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Alfred Lord Tennyson: The Lotos-Eaters

The Lotos-Eaters

These forty lines formed the conclusion to the original (1833) version of the poem. When the poem was reprinted in the 1842 volumes these lines were suppressed.

  We have had enough of motion,
Weariness and wild alarm,
Tossing on the tossing ocean,
Where the tuskèd seahorse walloweth
In a stripe of grassgreen calm,
At noon-tide beneath the lea;
And the monstrous narwhale swalloweth
His foamfountains in the sea.
Long enough the winedark wave our weary bark did carry.
This is lovelier and sweeter,
Men of Ithaca, this is meeter,
In the hollow rosy vale to tarry,
Like a dreamy Lotos-eater, a delirious Lotos-eater!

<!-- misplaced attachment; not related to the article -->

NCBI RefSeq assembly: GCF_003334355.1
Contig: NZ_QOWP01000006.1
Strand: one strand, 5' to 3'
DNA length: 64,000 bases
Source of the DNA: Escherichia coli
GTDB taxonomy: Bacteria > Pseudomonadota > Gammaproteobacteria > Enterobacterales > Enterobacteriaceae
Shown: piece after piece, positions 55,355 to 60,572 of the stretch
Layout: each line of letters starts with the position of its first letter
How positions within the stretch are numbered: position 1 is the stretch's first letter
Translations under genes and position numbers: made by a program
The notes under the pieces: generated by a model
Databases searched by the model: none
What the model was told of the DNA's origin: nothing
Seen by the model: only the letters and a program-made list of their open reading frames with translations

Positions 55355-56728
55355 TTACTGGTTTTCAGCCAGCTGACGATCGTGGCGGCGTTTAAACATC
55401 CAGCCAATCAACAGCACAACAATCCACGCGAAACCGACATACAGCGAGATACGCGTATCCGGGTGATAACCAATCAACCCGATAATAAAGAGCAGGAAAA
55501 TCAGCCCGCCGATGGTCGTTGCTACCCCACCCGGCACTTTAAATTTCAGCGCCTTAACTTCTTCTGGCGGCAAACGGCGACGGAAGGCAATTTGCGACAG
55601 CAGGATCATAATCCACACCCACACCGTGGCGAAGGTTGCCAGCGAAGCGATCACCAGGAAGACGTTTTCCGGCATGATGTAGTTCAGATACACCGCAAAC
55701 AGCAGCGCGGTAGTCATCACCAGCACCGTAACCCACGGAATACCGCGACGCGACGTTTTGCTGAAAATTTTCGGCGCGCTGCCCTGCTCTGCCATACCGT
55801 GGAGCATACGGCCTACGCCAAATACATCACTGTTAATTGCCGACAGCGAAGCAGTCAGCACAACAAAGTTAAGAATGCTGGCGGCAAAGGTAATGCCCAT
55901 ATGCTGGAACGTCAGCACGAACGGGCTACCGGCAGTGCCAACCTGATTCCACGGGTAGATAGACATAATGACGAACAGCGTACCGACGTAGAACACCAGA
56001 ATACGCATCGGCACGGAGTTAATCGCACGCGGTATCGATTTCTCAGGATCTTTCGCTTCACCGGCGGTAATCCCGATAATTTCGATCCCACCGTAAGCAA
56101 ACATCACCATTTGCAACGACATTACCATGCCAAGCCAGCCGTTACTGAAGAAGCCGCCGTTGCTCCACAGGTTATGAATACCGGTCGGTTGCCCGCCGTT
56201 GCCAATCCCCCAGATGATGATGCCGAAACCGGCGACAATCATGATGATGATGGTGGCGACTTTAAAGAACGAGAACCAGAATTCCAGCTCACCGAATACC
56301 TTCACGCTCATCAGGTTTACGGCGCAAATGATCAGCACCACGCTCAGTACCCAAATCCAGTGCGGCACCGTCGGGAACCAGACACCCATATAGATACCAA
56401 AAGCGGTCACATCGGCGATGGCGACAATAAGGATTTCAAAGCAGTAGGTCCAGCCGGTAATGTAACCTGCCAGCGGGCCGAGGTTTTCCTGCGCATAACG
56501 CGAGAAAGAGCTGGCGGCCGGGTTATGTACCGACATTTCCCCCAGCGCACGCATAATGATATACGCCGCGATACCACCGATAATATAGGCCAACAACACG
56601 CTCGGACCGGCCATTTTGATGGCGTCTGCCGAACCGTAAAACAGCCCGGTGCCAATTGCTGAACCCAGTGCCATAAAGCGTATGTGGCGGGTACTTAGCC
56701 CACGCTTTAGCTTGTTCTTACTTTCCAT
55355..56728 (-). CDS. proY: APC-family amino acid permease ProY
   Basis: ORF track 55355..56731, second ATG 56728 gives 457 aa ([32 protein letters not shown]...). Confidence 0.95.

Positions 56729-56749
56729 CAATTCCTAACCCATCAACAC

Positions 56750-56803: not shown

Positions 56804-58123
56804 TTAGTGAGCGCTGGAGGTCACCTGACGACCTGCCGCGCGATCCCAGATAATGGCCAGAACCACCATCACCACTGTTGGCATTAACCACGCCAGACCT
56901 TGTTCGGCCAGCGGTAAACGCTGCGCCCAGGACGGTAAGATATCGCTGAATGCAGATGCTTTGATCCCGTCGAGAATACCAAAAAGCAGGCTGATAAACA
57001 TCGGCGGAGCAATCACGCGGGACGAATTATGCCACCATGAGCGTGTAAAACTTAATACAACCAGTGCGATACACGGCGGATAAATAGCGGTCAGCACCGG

We will eat the Lotos, sweet
As the yellow honeycomb,
In the valley some, and some
On the ancient heights divine;
And no more roam,
On the loud hoar foam,
To the melancholy home
At the limit of the brine,
The little isle of Ithaca, beneath the day's decline.
We'll lift no more the shattered oar,
No more unfurl the straining sail;
With the blissful Lotos-eaters pale
We will abide in the golden vale
Of the Lotos-land, till the Lotos fail;
We will not wander more.
Hark! how sweet the horned ewes bleat
On the solitary steeps,
And the merry lizard leaps,
And the foam-white waters pour;
And the dark pine weeps,
And the lithe vine creeps,
And the heavy melon sleeps
On the level of the shore:
Oh! islanders of Ithaca, we will not wander more,
Surely, surely, slumber is more sweet than toil, the shore
Than labour in the ocean, and rowing with the oar,
Oh! islanders of Ithaca, we will return no more.